THE RELATIVE SENSITIVITY OF COMPUTED TOMOGRAPHY AND MYELOGRAPHY FOR IDENTIFICATION OF THORACOLUMBAR INTERVERTEBRAL DISK HERNIATIONS IN DOGS
Version of Record online: 21 APR 2009
© 2009 American College of Veterinary Radiology
Veterinary Radiology & Ultrasound
Volume 50, Issue 3, pages 247–252, May/June 2009
How to Cite
ISRAEL, S. K., LEVINE, J. M., KERWIN, S. C., LEVINE, G. J. and FOSGATE, G. T. (2009), THE RELATIVE SENSITIVITY OF COMPUTED TOMOGRAPHY AND MYELOGRAPHY FOR IDENTIFICATION OF THORACOLUMBAR INTERVERTEBRAL DISK HERNIATIONS IN DOGS. Veterinary Radiology & Ultrasound, 50: 247–252. doi: 10.1111/j.1740-8261.2009.01528.x
- Issue online: 21 APR 2009
- Version of Record online: 21 APR 2009
- Received June 23, 2008; accepted for publication November 14, 2008.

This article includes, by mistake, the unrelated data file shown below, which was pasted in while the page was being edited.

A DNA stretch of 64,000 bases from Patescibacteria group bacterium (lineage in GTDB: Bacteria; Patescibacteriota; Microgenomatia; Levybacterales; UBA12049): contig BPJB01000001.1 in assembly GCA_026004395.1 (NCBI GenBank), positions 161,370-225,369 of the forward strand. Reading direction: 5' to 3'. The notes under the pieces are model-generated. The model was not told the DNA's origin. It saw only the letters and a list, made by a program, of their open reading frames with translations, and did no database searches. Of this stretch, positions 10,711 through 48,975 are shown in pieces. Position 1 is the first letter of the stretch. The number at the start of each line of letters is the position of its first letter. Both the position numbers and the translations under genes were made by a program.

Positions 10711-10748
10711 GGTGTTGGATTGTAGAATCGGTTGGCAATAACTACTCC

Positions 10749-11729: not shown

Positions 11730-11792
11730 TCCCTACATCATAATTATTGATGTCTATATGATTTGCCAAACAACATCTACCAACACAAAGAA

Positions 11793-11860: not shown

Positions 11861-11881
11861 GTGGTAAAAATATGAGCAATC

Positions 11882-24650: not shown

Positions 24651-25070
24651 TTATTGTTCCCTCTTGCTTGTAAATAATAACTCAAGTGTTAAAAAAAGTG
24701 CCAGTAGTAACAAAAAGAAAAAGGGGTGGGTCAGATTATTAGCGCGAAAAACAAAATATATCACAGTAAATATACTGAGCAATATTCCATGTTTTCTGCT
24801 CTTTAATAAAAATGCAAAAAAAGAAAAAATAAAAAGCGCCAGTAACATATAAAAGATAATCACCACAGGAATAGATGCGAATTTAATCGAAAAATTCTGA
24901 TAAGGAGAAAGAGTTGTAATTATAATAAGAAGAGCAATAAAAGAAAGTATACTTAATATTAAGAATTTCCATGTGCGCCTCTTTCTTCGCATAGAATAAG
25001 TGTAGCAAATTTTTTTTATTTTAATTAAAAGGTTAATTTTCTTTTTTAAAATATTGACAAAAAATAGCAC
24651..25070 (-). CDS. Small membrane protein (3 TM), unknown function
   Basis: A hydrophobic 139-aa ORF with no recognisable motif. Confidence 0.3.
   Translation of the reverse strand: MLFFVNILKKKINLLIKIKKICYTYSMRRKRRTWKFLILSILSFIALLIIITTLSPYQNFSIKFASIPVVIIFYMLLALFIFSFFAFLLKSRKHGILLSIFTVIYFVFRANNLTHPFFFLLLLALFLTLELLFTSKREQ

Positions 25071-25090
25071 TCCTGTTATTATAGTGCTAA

We compared the relative sensitivity of computed tomography (CT) and myelography for identification of disk herniation in dogs. Criteria for patient selection included presurgical CT, myelography, or both and surgical or necropsy confirmation of disk herniation between the T3 and L6 vertebral articulations. Imaging findings were described as positive or inconclusive. Adverse events such as hypotension, cardiac arrhythmias, seizures, death, and lower urinary tract infection were compared between imaging groups. One hundred and eighty-two dogs met the inclusion criteria, with 116 dogs having myelography performed as the initial diagnostic imaging modality and 66 dogs having CT performed as the initial modality. The relative sensitivity for locating the site of disk herniation was 83.6% when myelography was the first test performed and 81.8% when CT was the first test performed. CT was more sensitive than myelography at detecting lesions in chronically affected dogs (P=0.025). Myelography was more sensitive than CT at detecting lesions in smaller dogs (<5 kg; P=0.004). Dogs that received both imaging modalities were significantly more likely to die or be euthanized compared with myelography alone (P<0.001). Both myelography and CT are reasonable diagnostic imaging modalities for locating the site of disk herniation. CT should be considered especially in heavier, more chronically affected dogs. The major limitations of this study include lack of randomization to imaging modality and the use of surgical exploration or necropsy as the gold standard.